States Opt to Run their Own Exchanges to Save Money, Reclaim Autonomy

Last month, the Board of New Mexico’s health insurance exchange voted to transition from HealthCare.gov to a state-based exchange. The state will undertake the task of building its own eligibility and enrollment platform with the hopes of launching a website in time for the 2021 plan year. This is the same exchange that, in 2015, called the federal platform HealthCare.gov the “safest, most risk-free way to proceed.” So, what changed? CHIR’s Rachel Schwab looks at the reasons behind the growing call to leave HealthCare.gov. Continue reading

Federal Flexibility Grants Highlight State Priorities for Market Stability

Last month, the Department of Health & Human Services awarded $8.6 million in grants to 30 states and the District of Columbia to provide additional support to implement certain ACA market reforms, including guaranteed issue, guaranteed renewal, and the Essential Health Benefits. CHIR’s Rachel Schwab took a look at how states plan to use the federal funding, and what tops the list of state market stabilization and consumer protection priorities. Continue reading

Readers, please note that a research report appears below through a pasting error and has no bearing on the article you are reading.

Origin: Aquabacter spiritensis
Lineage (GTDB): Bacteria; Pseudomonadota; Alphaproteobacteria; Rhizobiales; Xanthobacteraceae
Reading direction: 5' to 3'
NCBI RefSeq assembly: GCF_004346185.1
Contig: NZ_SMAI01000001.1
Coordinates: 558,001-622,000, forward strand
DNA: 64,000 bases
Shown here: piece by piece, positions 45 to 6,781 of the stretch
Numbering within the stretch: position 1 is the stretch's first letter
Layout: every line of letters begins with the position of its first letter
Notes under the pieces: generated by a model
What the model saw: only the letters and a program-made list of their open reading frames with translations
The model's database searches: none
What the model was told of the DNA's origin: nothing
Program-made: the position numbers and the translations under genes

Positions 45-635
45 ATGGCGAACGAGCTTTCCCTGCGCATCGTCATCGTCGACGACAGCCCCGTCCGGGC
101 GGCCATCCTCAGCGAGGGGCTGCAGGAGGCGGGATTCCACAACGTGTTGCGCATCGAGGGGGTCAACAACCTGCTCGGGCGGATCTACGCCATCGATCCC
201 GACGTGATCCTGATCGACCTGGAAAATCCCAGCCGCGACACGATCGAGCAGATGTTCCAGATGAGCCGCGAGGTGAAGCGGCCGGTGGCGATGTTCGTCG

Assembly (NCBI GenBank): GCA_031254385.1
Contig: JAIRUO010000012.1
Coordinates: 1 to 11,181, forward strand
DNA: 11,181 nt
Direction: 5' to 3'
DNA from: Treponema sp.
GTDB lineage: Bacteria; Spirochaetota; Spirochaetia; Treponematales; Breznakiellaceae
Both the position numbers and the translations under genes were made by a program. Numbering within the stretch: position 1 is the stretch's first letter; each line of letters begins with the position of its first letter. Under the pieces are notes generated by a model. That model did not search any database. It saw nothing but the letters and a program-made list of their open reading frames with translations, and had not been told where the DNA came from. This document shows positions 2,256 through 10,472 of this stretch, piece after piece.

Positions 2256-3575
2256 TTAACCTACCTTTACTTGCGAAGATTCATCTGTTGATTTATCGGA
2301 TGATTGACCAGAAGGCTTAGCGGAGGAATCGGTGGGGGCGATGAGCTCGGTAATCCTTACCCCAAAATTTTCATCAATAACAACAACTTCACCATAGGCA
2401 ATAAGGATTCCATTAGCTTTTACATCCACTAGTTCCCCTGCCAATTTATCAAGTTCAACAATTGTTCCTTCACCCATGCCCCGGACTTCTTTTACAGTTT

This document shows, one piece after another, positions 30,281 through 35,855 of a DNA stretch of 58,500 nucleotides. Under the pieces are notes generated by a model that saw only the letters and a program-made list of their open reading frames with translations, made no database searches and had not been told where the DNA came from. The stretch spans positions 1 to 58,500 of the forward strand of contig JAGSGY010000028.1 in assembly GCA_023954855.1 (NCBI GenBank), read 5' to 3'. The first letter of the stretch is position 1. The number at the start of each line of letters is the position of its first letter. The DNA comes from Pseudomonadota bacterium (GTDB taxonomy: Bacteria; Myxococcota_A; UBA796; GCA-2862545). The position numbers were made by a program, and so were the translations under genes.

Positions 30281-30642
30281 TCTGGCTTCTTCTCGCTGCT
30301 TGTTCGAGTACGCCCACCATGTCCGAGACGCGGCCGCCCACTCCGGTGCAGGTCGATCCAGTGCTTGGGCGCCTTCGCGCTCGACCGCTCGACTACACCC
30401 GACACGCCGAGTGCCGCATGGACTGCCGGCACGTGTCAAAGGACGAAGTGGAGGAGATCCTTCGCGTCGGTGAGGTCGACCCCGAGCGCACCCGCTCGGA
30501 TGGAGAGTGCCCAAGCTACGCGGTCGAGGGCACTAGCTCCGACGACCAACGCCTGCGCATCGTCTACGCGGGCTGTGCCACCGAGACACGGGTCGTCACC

The District of Columbia’s Coverage Requirement Is Caught in Congressional Crosshairs, and Consumers Could Pay the Price

When Congress repealed the individual mandate’s financial penalty, some states acted quickly to protect their markets from deterioration. A handful of state legislatures and the Council of the District of Columbia considered or enacted legislation creating a state-based coverage requirement. While many states faced political hurdles and unforgiving timelines in enacting their own mandates, D.C. now has an additional obstacle: the U.S. Congress. Continue reading

Coverage That (Doesn’t) Count: How the Short-Term, Limited Duration Rule Could Lead to Underinsurance